Despite these caveats, we still think the TCC is the best option for resolving SR&ED disputes, especially when it concerns
The first priority for any SR&ED claiming taxpayer is to avoid the need to appeal at all by submitting a correctly documented
claim and ensuring that adequate records are kept to document the work. If CRA does decide to undertake an audit of the
claim, it is important to ensure that the auditors' questions are answered and that any supplementary information that is
requested be provided in a timely fashion – the audit process might seem onerous, but resolving issues will be vastly quicker
and less costly than appealing afterwards. Even if an appeal seems inevitable, every attempt should be made to settle as
much as possible during the audit stage and thereby limit the number of issues to be dealt with in the appeal.
If you do see a dispute with CRA auditors looming, we strongly recommend that you seek professional advice from Scitax as
early as possible in the process in order to ensure that any information that you provide to CRA during the audit process will
not undermine your chances of success in a subsequent Notice of Objection or Tax Court action.
Remember, if you do receive an assessment that either wholly or partially denies any of your SR&ED claim, you must take
action within 90 days of the date shown on the Notice of Assessment letter – NOT the date you receive it. If you don’t act
within the 90 days you will forever lose your right to appeal either through Notice of Objection or at Tax Court Canada.
Learn More ...
Jentel: Short and Sweet Guidance on SR&ED Eligibility – Canadian Tax Journal, Dec 2011
CRA Publication: SR&ED Program Claim Review Manual
Scitax Bulletin #50: Canada's 2012 Federal Budget
Murray Arlin Dentistry PC in Tax Court Canada Dckt #2010-3646(IT)I 12-Apr-2012
Northwest Hydraulic Consultants Ltd. in Tax Court Canada Dckt# 97-531-IT-G 1-May-1998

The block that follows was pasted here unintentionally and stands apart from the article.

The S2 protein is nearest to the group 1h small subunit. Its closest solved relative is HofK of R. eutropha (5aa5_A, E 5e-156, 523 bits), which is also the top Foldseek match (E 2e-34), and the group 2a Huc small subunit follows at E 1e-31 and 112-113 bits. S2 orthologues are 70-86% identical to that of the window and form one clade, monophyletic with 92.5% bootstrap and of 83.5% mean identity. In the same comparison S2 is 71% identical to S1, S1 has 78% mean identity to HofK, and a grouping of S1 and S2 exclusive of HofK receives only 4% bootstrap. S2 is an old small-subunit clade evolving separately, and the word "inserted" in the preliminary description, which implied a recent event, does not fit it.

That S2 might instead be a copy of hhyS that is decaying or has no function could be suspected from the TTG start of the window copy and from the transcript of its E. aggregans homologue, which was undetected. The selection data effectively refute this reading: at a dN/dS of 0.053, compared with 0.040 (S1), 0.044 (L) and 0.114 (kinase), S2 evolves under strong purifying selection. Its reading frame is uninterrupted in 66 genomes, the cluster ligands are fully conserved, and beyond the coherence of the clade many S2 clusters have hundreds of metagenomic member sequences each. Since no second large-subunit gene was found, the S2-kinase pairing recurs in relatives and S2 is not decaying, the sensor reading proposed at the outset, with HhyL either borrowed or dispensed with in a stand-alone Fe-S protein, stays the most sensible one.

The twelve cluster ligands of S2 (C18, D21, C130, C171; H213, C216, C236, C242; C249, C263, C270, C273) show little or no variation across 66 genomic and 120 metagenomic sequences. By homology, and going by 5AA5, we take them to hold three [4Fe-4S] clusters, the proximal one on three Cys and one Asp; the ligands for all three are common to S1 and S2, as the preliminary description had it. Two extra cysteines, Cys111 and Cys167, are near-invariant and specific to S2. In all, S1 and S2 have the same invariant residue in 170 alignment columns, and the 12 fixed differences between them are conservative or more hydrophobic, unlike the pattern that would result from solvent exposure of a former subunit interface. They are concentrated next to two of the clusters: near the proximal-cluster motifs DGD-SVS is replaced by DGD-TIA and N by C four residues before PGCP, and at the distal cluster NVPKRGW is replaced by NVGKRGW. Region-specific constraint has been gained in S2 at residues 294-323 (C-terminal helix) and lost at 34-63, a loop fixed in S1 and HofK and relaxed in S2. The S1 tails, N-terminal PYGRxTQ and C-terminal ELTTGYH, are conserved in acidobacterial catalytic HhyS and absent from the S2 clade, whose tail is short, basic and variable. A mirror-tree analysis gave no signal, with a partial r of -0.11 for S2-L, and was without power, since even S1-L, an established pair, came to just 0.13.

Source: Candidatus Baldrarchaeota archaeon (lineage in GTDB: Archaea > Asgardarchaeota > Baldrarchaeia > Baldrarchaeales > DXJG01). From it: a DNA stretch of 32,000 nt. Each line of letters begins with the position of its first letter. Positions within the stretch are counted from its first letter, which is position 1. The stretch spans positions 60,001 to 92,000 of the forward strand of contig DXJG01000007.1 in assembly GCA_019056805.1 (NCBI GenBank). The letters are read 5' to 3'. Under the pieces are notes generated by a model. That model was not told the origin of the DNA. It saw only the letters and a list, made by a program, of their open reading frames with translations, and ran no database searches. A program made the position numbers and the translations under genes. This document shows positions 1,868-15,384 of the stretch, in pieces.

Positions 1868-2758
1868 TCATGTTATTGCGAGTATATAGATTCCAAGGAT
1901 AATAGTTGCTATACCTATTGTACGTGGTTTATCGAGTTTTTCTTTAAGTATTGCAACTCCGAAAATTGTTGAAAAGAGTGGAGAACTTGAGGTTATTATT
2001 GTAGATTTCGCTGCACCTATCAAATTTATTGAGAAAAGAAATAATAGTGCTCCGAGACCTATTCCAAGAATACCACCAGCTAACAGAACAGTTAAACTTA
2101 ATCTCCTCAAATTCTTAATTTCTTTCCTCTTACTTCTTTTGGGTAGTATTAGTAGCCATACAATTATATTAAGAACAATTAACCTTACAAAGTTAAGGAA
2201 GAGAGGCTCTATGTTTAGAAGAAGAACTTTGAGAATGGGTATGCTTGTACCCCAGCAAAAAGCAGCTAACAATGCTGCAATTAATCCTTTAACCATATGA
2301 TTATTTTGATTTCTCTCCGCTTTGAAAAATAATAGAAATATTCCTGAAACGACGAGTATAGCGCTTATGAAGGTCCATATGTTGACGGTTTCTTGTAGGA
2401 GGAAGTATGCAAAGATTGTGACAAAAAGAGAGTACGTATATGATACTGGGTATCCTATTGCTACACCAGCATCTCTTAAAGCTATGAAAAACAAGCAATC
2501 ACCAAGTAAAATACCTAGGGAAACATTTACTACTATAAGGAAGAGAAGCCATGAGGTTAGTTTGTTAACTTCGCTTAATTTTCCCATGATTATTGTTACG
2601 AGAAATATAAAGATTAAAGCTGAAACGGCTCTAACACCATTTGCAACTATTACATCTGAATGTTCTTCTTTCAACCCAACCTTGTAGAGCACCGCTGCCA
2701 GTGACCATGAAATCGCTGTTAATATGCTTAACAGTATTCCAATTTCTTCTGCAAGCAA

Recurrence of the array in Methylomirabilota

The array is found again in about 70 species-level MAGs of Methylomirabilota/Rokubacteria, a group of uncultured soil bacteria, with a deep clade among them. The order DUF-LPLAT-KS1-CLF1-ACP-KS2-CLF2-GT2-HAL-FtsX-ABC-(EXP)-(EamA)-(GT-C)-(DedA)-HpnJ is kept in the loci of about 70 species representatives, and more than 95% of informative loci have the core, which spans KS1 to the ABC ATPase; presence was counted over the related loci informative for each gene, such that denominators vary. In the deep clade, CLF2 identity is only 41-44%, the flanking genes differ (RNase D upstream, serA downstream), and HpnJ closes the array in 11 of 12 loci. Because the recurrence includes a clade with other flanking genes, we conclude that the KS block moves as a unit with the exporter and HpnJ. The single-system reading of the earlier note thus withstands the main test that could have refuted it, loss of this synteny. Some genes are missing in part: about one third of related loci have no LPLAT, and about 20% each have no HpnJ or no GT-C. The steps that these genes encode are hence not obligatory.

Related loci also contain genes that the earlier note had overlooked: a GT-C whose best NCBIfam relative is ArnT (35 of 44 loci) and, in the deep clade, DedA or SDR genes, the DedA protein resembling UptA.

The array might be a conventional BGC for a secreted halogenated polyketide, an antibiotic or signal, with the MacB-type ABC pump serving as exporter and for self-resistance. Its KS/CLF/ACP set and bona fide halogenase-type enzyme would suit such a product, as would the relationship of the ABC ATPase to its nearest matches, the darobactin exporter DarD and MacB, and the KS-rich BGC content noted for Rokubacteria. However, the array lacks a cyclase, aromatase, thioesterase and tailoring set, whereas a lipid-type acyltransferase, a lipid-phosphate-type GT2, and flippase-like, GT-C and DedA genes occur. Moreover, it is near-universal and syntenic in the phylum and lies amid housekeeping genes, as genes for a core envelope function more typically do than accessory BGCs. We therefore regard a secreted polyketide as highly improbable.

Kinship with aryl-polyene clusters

Jentel Manufacturing in Tax Court Canada 11-Jun-2010 Dckt #2008-3875(IT)G
Jentel Manufacturing in Federal Court of Appeal Dckt #A-222-10 14-Dec-2011
For more information on this topic, contact:
David R. Hearn, Managing Director, Scitax Advisory Partners
(416) 350-1214 or firstname.lastname@example.org
Scitax Advisory Partners LP is a Canadian professional services firm with specialist expertise in all aspects of planning, preparing and
defending Scientific Research and Experimental Development (SR&ED) tax credit claims.
We offer a multi-discipline team of engineers, chartered accountants and tax lawyers to ensure that your SR&ED issues are covered
from every angle.
While we normally work in concert with our client's existing accountants, our affiliated tax-dedicated chartered accounting firm –
Cadesky and Associates LLP – is an expert resource for advice on any taxation matter such as may arise either during the planning and
preparation of your claim or while dealing with CRA afterwards.
In addition to planning and preparing new claims, we also engage on claims that have been challenged by CRA auditors or that have
received negative assessments for either scientific or expenditure eligibility. If a satisfactory settlement cannot be achieved with CRA at
the local office level, we will appeal your assessment through either Notice of Objection or Tax Court of Canada procedures with the
assistance of our affiliated firm of tax lawyers.
© Copyright Scitax Advisory Partners LP, 2012. All rights reserved. "Scitax" is a registered trade-mark of Scitax Advisory Partners LP.